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NC’s Ports are Improving State’s Competitiveness

| Infrastructure

Several months ago, we published “Moving at the Speed of Business” in the Triangle, Triad and Charlotte Business Journals, which outlined upcoming transportation infrastructure projects and their impact on business. One project highlighted was the Queen City Express and the many improvements taking shape at the North Carolina Ports Authority to make North Carolina more competitive. Since its publication, the Queen City Express has made its inaugural trip and North Carolina’s ports are getting serious attention from new global carrier alliances.

As Paul Scott Abbott recently examined in the American Journal of Transportation, in just the last few months, the Port of Wilmington has added weekly calls from many global carrier alliances connecting North Carolina businesses to North Asia, South China, Southeast Asia, India, Europe, the Caribbean and Central America. This is a major development that will no doubt bolster North Carolina’s economic growth. Increasing North Carolina’s connectivity to the modern global economy is key to advancing the state’s competitive standing. As the North Carolina Ports Authority moves forward with its modernization efforts totaling more than $100 million, the ports will continue adding trade routes, reducing congestion and improving efficiency, all while adding to its annual $14 billion economic impact on the state.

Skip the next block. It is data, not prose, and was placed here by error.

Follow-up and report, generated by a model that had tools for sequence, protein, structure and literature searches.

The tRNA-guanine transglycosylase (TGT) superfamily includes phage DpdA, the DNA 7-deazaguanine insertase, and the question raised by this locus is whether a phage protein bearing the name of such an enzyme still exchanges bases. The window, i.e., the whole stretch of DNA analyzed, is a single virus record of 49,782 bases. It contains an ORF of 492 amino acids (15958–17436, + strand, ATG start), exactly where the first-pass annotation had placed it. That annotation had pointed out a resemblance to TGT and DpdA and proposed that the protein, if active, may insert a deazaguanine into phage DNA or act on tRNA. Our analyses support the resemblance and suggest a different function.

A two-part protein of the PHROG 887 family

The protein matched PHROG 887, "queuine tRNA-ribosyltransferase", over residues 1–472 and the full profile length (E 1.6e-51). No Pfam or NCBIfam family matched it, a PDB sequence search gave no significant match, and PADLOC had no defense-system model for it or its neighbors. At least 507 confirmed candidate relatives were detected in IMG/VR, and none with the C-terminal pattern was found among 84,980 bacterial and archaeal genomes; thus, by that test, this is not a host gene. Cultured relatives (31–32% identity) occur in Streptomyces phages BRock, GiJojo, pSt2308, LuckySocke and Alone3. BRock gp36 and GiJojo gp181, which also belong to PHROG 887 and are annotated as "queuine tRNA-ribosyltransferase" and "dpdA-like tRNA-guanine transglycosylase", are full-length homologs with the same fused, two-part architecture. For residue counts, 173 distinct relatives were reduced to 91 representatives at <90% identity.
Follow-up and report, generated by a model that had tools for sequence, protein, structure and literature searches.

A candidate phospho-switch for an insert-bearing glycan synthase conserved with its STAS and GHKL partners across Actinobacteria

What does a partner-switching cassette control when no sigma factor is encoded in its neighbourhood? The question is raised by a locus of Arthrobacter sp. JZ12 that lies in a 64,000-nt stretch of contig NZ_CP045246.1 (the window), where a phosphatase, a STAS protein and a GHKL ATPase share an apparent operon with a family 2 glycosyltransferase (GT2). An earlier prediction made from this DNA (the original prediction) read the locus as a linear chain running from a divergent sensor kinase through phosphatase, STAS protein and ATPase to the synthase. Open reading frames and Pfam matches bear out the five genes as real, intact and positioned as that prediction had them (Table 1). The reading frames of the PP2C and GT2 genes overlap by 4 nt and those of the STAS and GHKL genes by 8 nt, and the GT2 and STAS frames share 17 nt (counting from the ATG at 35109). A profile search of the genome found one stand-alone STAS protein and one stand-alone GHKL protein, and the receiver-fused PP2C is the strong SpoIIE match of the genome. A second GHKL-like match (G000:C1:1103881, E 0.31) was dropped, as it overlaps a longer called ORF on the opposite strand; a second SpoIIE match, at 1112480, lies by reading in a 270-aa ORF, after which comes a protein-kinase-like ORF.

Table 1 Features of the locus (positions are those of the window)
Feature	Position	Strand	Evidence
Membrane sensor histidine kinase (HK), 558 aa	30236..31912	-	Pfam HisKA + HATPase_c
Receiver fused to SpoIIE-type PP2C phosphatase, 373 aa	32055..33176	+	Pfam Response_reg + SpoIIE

As with all transportation infrastructure improvements, ensuring the necessary funding is available to implement them is critical. It was just last month that North Carolina was ranked among the 15 states that are falling apart, indicating that much more must be done to build upon the investments the state is already making. While the North Carolina Ports Authority’s momentum is encouraging, North Carolina must continue to diversify revenue sources and fund a long-term transportation infrastructure plan in order to see that progress continue across the state.